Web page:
Suwannee Democrat


February 12, 2014

SRWMD Governing Board approves $765,000 worth of key springs protection and restoration projects

Live Oak —

The Suwannee River Water Management District (District) Governing Board on Feb. 11 approved several agreements totaling approximately $765,000 to implement cooperative springs protection and restoration projects in key locations throughout the District. These agreements are putting state appropriations for springs protection and restoration to work.

“Many of these projects will take place in strategic locations to support the recovery of groundwater levels within the Lower Santa Fe River Basin, while assisting with the implementation of the Florida Department of Environmental Protection (DEP) Basin Management Action Plan to improve water quality within the Santa Fe River Basin,” said District Executive Director Ann Shortelle. “These projects are only made possible by state appropriations to the District and by cooperative funding through our project partners.”

“Today’s Board action will advance projects to reduce nutrient loadings and restore flows necessary to revitalize the Santa Fe Basin,” said Tom Frick, Director of DEP’s Division of Environmental Assessment and Restoration. "The projects are critical to achieving the nutrient reduction targets the DEP set in 2012, and are an integral part of the overall restoration plan for the Santa Fe River and its many springs.”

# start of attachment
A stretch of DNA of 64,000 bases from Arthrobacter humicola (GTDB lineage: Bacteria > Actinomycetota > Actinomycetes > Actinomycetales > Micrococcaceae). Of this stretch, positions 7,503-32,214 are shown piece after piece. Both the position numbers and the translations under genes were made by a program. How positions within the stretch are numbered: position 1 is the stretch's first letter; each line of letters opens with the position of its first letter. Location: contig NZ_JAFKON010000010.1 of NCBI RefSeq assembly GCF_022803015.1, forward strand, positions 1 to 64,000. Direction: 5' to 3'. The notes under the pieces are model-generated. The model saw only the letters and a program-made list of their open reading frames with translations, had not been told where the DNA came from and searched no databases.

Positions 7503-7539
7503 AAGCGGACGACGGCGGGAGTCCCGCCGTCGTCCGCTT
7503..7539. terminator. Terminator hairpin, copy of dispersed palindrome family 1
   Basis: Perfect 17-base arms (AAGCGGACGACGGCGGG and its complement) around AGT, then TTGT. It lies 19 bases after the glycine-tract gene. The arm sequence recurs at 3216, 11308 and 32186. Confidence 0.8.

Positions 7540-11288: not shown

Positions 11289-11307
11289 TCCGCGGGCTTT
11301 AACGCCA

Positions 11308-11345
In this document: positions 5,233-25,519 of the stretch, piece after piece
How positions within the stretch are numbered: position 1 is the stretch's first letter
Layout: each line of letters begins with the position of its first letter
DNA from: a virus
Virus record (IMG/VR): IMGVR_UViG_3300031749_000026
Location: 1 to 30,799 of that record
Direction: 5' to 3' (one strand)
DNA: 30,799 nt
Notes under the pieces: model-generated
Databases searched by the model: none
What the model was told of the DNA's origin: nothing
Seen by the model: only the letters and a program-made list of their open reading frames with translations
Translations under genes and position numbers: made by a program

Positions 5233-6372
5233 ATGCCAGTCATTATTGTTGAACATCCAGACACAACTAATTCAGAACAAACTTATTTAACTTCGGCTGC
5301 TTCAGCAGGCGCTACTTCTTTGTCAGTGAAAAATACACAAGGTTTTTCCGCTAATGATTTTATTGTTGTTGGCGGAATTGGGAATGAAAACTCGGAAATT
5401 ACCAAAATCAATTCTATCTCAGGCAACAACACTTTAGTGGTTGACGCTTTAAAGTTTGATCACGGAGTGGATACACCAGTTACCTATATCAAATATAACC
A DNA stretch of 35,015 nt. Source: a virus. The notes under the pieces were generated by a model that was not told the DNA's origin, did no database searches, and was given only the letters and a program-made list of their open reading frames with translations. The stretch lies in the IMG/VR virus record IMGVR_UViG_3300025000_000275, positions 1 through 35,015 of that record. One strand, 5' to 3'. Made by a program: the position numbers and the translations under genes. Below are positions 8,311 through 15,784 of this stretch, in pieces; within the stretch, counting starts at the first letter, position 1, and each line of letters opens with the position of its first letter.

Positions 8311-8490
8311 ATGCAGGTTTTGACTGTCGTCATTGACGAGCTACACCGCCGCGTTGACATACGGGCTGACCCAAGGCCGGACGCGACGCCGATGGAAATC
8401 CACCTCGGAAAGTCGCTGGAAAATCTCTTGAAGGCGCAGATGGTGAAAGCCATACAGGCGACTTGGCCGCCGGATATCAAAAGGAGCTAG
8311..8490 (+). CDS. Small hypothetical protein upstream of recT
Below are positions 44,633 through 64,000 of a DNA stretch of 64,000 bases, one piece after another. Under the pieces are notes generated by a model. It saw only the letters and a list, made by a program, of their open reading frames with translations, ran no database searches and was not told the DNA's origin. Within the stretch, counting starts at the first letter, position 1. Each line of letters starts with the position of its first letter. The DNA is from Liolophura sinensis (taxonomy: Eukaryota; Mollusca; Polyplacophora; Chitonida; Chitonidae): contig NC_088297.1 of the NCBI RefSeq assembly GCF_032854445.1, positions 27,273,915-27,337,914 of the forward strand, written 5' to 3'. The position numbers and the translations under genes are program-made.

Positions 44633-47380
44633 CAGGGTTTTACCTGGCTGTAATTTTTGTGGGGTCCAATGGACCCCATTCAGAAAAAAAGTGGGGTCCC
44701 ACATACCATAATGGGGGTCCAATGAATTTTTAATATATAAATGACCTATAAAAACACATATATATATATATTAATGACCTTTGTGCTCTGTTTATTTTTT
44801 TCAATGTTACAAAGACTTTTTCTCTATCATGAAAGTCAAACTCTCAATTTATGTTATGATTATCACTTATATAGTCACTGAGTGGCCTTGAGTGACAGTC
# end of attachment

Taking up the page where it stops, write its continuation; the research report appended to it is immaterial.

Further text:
The following projects were approved:

Aquifer Recharge and Groundwater Withdrawal Reduction

The District is partnering with an aquaculture operation in Alachua County to implement a water reuse project. The project will offset about 900,000 gallons of groundwater weekly – or 47 million gallons annually – within the Ginnie and Gilchrist Blue springsheds in the Lower Santa Fe River Basin.

The District is also partnering with Gainesville Regional Utilities to construct a recharge wetland in Alachua County. The first phase of the project will provide between roughly 500,000 and 1 million gallons per day in recharge to the aquifer to support spring flows in the Poe Springs Watershed and benefit water supplies within the Lower Santa Fe River Basin.

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